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Fright makes right!
~ The Gromble, about the Monster Academy's credo.
Monsters come in many shapes and forms, some comical, others terrifying; from city-smashing giants (such as Godzilla) to beings that lurk in the shadows and frighten children (such as Mr. Waternoose, Randall Boggs, and Pitch Black).

To qualify as a monster a character must have extremely bizarre appearances and behaviors at odds with nature, often in older tales or fantasy they are supernatural beings but lack the vast magical powers of demons - in more modern tales they can be aliens of non-humanoid or extremely frightening nature or humanoid abominations (this includes mutated animals, the corporeal undead and so forth).

Mutants in general are not seen as monsters, unless their powers or appearance are extremely bizarre and frightening - likewise never add deformed humans to this category *UNLESS* they have developed abilities beyond those that can be seen in typical humans (for example extremely mutated cannibals such as the Peacock Family count due to having developed superhuman strength, regenerative abilities and other unnatural traits, not simply because of their frightening appearance.)

Variations includes:

  • Sea Monsters: The creatures that live in or came from the ocean. They are mythical or legendary creatures, often believed to be of immense size. Marine monsters can take many forms, including sea dragons, sea serpents, or multi-armed beasts. They can be slimy or scaly, and are often pictured threatening ships or spouting jets of water. The definition of a "monster" is subjective, and some sea monsters may have been based on scientifically-accepted creatures, such as whales and types of giant/colossal squid.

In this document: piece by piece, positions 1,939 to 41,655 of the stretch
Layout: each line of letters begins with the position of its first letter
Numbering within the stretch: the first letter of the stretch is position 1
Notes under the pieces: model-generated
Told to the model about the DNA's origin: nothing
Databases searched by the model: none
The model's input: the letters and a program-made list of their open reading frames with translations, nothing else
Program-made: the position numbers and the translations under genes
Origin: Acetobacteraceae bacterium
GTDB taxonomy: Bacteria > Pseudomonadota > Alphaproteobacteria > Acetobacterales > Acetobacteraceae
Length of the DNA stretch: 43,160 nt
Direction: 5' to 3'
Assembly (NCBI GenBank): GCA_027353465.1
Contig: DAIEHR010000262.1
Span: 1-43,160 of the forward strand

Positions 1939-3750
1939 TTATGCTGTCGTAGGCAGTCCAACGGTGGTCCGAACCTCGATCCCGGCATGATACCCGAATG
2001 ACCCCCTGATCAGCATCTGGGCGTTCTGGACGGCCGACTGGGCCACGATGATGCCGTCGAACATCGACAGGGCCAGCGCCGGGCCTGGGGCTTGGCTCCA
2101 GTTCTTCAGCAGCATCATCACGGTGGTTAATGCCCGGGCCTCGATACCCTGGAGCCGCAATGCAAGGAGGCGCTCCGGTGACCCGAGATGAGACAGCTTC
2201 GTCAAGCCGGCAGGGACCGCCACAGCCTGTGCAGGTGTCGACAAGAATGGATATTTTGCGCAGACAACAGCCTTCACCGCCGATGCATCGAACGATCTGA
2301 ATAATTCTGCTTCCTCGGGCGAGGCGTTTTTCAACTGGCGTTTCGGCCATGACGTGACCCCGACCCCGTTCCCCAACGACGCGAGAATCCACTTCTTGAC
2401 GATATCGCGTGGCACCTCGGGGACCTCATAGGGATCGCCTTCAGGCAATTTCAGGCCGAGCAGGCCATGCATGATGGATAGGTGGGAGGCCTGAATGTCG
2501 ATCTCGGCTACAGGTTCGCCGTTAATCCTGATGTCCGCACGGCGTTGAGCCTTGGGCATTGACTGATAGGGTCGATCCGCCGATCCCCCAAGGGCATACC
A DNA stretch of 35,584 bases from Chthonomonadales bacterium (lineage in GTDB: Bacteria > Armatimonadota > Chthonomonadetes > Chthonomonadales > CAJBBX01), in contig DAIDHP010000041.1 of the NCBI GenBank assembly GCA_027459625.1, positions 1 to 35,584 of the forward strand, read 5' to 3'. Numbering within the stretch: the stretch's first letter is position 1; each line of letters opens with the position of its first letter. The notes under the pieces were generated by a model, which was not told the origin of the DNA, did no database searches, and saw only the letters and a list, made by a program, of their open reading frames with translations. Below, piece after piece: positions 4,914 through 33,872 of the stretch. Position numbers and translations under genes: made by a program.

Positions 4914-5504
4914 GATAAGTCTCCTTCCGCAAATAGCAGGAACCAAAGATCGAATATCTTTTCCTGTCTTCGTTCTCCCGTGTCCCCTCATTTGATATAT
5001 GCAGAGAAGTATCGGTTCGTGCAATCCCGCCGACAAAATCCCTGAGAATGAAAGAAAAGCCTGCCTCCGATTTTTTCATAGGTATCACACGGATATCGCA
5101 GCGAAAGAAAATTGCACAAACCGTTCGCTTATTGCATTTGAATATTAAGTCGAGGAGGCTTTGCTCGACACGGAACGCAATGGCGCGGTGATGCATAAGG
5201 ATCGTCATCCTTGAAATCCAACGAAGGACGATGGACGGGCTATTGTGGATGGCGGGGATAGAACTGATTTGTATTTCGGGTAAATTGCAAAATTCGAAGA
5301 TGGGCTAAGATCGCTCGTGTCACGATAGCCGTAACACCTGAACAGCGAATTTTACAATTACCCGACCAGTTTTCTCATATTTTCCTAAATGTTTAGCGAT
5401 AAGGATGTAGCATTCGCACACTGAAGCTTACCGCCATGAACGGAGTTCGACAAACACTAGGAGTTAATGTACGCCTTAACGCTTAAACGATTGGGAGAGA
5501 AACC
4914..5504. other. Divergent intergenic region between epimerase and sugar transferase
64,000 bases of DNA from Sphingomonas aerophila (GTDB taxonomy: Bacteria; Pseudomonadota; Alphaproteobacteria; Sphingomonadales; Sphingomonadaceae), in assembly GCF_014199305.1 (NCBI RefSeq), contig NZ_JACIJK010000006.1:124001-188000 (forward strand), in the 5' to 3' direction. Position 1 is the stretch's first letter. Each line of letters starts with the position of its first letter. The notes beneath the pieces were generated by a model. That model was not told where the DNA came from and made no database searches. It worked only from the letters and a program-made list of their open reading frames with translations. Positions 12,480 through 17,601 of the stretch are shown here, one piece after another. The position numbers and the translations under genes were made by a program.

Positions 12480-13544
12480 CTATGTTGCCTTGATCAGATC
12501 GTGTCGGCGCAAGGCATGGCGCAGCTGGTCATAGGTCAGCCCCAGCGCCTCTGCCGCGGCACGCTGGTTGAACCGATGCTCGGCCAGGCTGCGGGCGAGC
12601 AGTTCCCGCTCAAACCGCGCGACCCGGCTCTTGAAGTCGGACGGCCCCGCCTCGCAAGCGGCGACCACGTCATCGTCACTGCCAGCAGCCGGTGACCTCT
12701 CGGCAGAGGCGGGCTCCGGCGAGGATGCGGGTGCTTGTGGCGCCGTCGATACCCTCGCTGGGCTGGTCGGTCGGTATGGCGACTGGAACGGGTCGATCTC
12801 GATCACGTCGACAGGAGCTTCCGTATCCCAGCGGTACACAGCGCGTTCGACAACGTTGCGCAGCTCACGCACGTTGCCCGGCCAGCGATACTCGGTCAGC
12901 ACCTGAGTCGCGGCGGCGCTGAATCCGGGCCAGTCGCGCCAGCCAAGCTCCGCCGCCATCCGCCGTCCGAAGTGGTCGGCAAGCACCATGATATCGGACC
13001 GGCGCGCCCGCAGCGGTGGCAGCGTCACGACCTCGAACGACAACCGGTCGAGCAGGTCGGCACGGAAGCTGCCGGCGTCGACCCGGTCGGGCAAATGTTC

• Giant Monsters: Monsters of exceptional size and strength, such as Godzilla.
  • Eye-Monsters: Perhaps one of the most widely used designs for monsters is that of a large eye that is often without a body and may move about with aid of tentacles, wings, or even simply by floating, defying worldly physics. They are often many times larger than a normal eye, but can sometimes be smaller. Alternatively, another common theme is a monster that has an excessive number of eyes, to the point the eyes become a major part of their physical appearance and may or may not relate to their powers; these "multi-eyed" monsters can be more humanoid in appearance than traditional Eye-Monsters, but are often just as alien in design and purpose. Also a final, and arguably more popular, third variation of this archetype is the Cyclops, monsters that have a large single eye on their head; this feature was originally found in the giants of Greek myth but has since become a very common theme in many works.
  • Parodies/Homages to certain Sesame Street characters: Characters such as Elmo, Grover, Cookie Monster, Telly Monster ect. (A naked furry creature that has wide eyes and an occasional nose) that are being parodies and/or payed homage to.

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